Juan Carlos spent his early years in Italy and came to Spain in 1947 to continue his studies. After completing his secondary education in 1955, he began his military training and entered the General Military Academy at Zaragoza. Later, he attended the Naval Military School, the General Academy of the Air, and finished his tertiary education at the University of Madrid. In 1962, Juan Carlos married Princess Sophia of Greece in Athens, daughter of King Paul. The couple had two daughters and a son together: Elena, Cristina, and Felipe. Due to Franco’s declining health, Juan Carlos first began periodically acting as Spain’s head of state in the summer of 1974. Franco died in November the following year and Juan Carlos became king on 22 November 1975, two days after Franco’s death, the first reigning monarch since 1931; although his exiled father did not formally renounce his claims to the throne in favour of his son until 1977.

Expected to continue Franco’s legacy, Juan Carlos, however, soon after his accession introduced reforms to dismantle the Franco regime and begin the Spanish transition to democracy. This led to the approval of the Spanish Constitution of 1978 in a referendum, which re-established a constitutional monarchy. In 1981, Juan Carlos played a major role in preventing a coup that attempted to revert Spain to Franco government in the King’s name.

Santiago Carrillo

Santiago José Carrillo Solares (18 January 1915 – 18 September 2012) was a Spanish politician who served as General Secretary of the Communist Party of Spain (PCE) from 1960 to 1982. He later came to embrace Eurocommunism and democratic socialism.

Torcuato Álvarez Miranda (1915-1980)

Don Torcuato Fernández Miranda y Hevia, 1st Duke of Fernandez-Miranda, Grandee of Spain, KOGF (10 November 1915 – 19 June 1980) was a Spanish lawyer and politician who played important roles in both the dictatorship of Francisco Franco and in the Spanish transition to democracy.

Manuel Fraga

Manuel Fraga Iribarne – 23 November 1922 – 15 January 2012) was a Spanish professor and politician who was the founder of the People’s Party. Fraga was the Minister of Information and Tourism between 1962 and 1969, the Spanish Ambassador to the United Kingdom between 1973 and 1975, Minister of the Interior in 1975, Deputy Prime Minister between 1975 and 1976, President of the People’s Alliance/People’s Party between 1979 and 1990 and President of the Xunta of Galicia between 1990 and 2005. He has also been both a Deputy in the Congress and a Senator.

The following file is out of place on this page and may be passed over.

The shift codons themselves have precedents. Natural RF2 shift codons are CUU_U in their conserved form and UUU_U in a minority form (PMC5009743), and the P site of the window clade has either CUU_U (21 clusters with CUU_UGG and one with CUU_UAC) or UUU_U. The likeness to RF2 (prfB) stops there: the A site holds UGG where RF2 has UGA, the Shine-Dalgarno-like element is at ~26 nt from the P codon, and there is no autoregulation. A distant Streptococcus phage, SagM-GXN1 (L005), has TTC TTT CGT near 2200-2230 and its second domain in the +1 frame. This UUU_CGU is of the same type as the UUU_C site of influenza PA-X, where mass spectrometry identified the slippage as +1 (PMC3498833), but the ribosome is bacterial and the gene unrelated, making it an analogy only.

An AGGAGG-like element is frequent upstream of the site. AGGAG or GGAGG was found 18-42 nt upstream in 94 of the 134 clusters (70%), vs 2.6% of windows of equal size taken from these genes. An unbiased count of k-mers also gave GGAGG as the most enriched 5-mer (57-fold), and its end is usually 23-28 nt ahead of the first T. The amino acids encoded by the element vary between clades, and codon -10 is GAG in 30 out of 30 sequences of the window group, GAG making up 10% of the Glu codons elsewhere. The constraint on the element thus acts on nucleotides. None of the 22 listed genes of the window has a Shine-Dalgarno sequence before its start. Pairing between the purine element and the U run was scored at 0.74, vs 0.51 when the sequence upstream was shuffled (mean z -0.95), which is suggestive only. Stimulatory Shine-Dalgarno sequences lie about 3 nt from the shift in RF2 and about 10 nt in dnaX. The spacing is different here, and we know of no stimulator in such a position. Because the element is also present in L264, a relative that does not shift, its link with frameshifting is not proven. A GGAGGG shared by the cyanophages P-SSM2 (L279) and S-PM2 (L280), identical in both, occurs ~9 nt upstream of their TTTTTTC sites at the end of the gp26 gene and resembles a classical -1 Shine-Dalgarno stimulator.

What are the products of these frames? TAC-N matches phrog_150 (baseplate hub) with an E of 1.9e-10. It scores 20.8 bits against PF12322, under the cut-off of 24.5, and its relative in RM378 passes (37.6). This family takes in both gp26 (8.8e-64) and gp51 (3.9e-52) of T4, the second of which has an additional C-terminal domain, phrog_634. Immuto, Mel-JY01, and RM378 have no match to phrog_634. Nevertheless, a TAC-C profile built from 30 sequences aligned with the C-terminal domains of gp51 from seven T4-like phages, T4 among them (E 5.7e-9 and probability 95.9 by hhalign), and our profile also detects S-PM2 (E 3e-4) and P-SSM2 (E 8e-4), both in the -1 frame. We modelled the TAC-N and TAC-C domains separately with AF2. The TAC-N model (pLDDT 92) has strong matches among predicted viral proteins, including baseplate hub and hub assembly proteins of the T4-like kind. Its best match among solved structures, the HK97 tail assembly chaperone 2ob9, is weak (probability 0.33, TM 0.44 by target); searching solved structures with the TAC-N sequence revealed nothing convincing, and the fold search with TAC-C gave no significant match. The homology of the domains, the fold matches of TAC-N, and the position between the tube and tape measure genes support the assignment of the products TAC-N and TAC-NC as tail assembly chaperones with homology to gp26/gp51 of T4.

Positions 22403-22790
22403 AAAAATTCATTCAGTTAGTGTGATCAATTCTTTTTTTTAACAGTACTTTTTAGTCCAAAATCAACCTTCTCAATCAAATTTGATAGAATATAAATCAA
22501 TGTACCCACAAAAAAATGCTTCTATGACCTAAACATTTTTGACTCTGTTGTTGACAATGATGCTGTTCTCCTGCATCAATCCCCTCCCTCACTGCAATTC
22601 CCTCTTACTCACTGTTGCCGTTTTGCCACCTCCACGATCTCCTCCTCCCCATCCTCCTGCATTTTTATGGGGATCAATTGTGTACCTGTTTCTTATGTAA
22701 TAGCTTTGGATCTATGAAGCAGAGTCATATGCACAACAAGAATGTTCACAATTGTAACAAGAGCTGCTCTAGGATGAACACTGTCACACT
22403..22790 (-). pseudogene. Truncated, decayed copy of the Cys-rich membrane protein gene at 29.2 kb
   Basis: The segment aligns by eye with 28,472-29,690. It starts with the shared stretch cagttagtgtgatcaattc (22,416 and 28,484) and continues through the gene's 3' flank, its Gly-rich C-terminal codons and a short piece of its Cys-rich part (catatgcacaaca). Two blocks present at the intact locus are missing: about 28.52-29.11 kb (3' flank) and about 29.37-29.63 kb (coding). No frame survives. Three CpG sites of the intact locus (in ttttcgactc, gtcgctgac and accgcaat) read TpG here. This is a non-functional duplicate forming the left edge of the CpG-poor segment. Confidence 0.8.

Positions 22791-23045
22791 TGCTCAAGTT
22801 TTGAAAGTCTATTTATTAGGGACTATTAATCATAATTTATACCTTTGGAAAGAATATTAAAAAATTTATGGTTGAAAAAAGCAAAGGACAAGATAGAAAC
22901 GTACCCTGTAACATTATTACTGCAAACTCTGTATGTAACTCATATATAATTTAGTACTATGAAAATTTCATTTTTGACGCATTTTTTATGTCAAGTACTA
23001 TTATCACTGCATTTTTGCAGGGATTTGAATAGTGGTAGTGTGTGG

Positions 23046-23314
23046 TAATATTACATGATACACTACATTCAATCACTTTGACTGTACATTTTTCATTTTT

Fraga’s career as one of the key political figures in Spain straddles both General Francisco Franco’s dictatorial regime and the subsequent transition to representative democracy. He served as the President of the Xunta of Galicia from 1990 to 2005 and as a Senator until November 2011. Fraga is also one of the Fathers of the Constitution.

Fraga authorized the execution of political prisoners under the Francoist regime. A notable case is the execution of communist leader Julián Grimau, whom he called “that little gentleman” in a press conference when asked about his detention and death sentence. His death sentence caused a large controversy outside of Spain. Grimau was executed by firing squad in 1963. Fraga never publicly apologized or expressed regret for Grimau’s execution.

Between 1962 and 1969 he served as Minister for Information and Tourism, and played a major role in the revitalization of Spanish tourist industry, leading a campaign under the slogan Spain is different!. On 8 March 1966, he attempted to dispel fears of a nuclear accident after the Palomares hydrogen bombs incident by swimming in the contaminated water with the American ambassador, Angier Biddle Duke.

Felipe González (1942 – )

Felipe González Márquez (born 5 March 1942) is a Spanish social-democratic politician. He was the General Secretary of the Spanish Socialist Workers’ Party (PSOE) from 1974 to 1997. To date, he remains the longest-serving Prime Minister of Spain, after having served four successive mandates from 1982 to 1996. His ascension is generally seen as the last step in the path to Spain’s re-instatement of democracy which commenced with the death of Francisco Franco in 1975. After losing power to Partido Popular’s José María Aznar in 1996, he briefly continued to lead the PSOE but was ousted following a controversy regarding illegal actions his government had taken in the struggle against ETA.